We extend the basic system relations of trace inclusion, trace equivalence, simulation, and bisimulation to a quantitative setting in which propositions are interpreted not as boolean values, but as real values in the interval [0,1]. Trace inclusion and equivalence give rise to asymmetrical and symmetrical linear distances, while simulation and bisimulation give rise to asymmetrical and symmetrical branching distances. We study the relationships among these distances, and we provide a full logical characterization of the distances in terms of quantitative versions of Ltl and -calculus. We show that, while trace inclusion (resp. equivalence) coincides with simulation (resp. bisimulation) for deterministic boolean transition systems, linear and branching distances do not coincide for deterministic quantitative transition systems. Finally, we provide algorithms for computing the distances, together with matching lower and upper complexity bounds. This research was supported in part by the NSF CAREER grant CCR-0132780, the NSF grant CCR-0234690, and the ONR grant N00014-02-1-0671.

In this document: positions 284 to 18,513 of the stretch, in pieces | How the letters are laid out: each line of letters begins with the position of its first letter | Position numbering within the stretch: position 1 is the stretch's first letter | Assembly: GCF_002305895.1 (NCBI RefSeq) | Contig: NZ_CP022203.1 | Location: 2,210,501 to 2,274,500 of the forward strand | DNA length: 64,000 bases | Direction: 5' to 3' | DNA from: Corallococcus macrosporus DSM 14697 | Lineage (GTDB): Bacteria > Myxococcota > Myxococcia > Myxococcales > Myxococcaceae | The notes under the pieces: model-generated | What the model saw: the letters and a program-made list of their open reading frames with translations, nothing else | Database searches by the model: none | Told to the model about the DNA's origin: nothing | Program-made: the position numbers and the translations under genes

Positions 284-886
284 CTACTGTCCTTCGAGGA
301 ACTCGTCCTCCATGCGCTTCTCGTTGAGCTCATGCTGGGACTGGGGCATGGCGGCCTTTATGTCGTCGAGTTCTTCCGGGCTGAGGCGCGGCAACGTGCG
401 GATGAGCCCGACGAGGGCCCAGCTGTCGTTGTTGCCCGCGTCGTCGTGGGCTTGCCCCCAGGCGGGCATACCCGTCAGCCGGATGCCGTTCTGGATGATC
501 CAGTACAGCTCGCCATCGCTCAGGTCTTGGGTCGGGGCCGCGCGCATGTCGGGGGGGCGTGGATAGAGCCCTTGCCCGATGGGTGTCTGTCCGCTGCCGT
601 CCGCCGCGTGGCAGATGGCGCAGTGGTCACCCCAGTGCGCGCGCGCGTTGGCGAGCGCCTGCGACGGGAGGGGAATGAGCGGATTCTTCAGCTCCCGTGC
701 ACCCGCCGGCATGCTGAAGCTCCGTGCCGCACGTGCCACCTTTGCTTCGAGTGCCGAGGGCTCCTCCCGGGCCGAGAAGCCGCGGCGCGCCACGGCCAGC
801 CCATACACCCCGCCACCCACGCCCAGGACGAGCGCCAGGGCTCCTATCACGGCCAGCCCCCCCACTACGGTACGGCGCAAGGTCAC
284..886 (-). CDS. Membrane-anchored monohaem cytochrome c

|Number of pages||13|
|Publication status||Published - 2004|